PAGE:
Bring up cult comic book mercenary Wade Wilson a.k.a. Deadpool these days, and you’ll get a variety of responses,: movie fans continue to hope that Ryan Reynolds will bring the character to life sooner rather than later, and due to recent developments, speculation on whether he may just appear in the upcoming X-Force.
But that wouldn’t be the first time Reynolds has played the ‘Merc with a Mouth’ on the big screen – even if fans have wiped X-Men Origins: Wolverine out of their memory. After years of criticism, the lead special effects designers responsible for the much-maligned take on Deadpool have come forward to explain the thinking behind the creation.
The first knee-jerk reaction to seeing veteran effects gurus Alec Gillis and Tom Woodruff, Jr. address their critics directly may be to finally let one’s own rage boil over, but the pair clearly have well-developed senses of humor. Beginning by addressing some of the fair (but foul-mouthed) issues voiced by many fans, the duo explain that no single person is responsible for the surgically-altered-and-mouthless Deadpool (a treatment the character himself apparently hates).
Nobody is going to claim that Deadpool fans overreacted to what was done to their beloved anti-hero in Origins – Gillis and Woodruff admit that fan backlash means a passionate audience, which is why they do what they do. The wise-cracking, fourth-wall-breaking gun for hire became a test subject, silent, gifted with laser vision and retractable katanas.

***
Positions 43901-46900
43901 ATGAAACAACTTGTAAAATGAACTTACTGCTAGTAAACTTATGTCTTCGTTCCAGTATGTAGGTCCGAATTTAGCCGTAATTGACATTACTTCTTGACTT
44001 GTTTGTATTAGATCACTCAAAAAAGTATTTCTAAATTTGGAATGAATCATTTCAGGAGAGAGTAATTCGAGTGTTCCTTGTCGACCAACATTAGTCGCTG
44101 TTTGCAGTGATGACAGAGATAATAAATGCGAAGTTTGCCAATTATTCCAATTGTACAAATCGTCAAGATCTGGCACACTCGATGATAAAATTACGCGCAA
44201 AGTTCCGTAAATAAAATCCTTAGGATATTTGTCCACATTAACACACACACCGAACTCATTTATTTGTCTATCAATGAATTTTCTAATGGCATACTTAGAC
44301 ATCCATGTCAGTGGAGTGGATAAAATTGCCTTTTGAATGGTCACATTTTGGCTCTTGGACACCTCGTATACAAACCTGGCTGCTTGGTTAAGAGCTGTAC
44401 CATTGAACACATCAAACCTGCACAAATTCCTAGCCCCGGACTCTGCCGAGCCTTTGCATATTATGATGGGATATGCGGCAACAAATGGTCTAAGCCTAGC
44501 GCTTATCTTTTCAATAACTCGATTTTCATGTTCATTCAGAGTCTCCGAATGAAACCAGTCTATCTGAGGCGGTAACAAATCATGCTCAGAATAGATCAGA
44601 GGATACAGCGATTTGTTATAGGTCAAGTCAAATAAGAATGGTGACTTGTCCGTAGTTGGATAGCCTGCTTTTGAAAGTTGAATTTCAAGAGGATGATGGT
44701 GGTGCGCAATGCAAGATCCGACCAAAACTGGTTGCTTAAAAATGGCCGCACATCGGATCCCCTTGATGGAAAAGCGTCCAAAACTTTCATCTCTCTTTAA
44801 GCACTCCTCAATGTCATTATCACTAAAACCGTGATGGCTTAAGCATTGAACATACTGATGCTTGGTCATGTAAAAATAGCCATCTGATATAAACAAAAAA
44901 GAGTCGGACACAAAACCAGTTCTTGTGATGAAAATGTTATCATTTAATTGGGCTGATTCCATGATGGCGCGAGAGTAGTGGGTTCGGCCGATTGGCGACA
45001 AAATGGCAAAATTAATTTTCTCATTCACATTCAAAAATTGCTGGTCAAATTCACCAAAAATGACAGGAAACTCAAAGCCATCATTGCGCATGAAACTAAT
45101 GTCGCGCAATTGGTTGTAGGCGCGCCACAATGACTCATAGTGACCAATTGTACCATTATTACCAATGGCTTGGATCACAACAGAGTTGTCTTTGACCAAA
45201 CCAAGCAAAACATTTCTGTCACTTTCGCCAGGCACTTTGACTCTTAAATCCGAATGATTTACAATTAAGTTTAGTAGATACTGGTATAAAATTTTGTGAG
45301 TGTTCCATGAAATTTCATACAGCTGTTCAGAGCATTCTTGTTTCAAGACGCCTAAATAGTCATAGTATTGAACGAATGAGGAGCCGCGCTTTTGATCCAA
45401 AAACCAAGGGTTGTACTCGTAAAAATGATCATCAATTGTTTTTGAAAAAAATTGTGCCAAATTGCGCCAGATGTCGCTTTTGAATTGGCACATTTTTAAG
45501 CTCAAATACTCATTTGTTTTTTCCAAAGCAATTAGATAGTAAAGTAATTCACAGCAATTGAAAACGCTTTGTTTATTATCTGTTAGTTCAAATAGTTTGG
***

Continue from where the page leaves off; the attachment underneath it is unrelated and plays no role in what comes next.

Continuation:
The pair of effects specialists are quick to explain that design decisions in major studio productions – especially those based on enormous comic book properties – aren’t made quickly, easily, or unanimously. That explanation even removes much of the fan hate from director Gavin Hood’s shoulders (for this particular element of the film, at least), but is the ‘abomination’ seen on screen simply a case of too many cooks in the kitchen?
It was never a secret that Fox had bigger plans for Deadpool than a brief appearance in Wolverine’s standalone adventure – the end credits teaser was proof. And according to the effects team, that plan for the future was also partly responsible for an underwhelming debut. The video explains the thinking behind the twisted, scarred make-up and appliances seen in the film, but it also sounds as if the Origins version of Deadpool would have eventually grown into the one fans had hoped for.
All fan anger aside, the good news is that the spoiled appearance doesn’t seem to have soured fans on either a Deadpool film, or Ryan Reynolds’ ability to do the character justice. But time doesn’t heal every wound, so although comic fans may have a faithful Deadpool movie to hope for (just awaiting Fox’s go-ahead), it won’t share any connection to the backstory attempted in Origins.
Regardless how long fans have to wait to see the Deadpool they know and love on the big screen, it’s nice to finally hear exactly what the thinking was behind the half-baked version seen in X-Men Origins: Wolverine. And if nothing else, know who not to attack for trying to do the best they could given the circumstances.
Has this explanation from the effects designers helped to remove some of the sting, or are you still as enraged as the day the film released?
Follow Andrew on Twitter @andrew_dyce.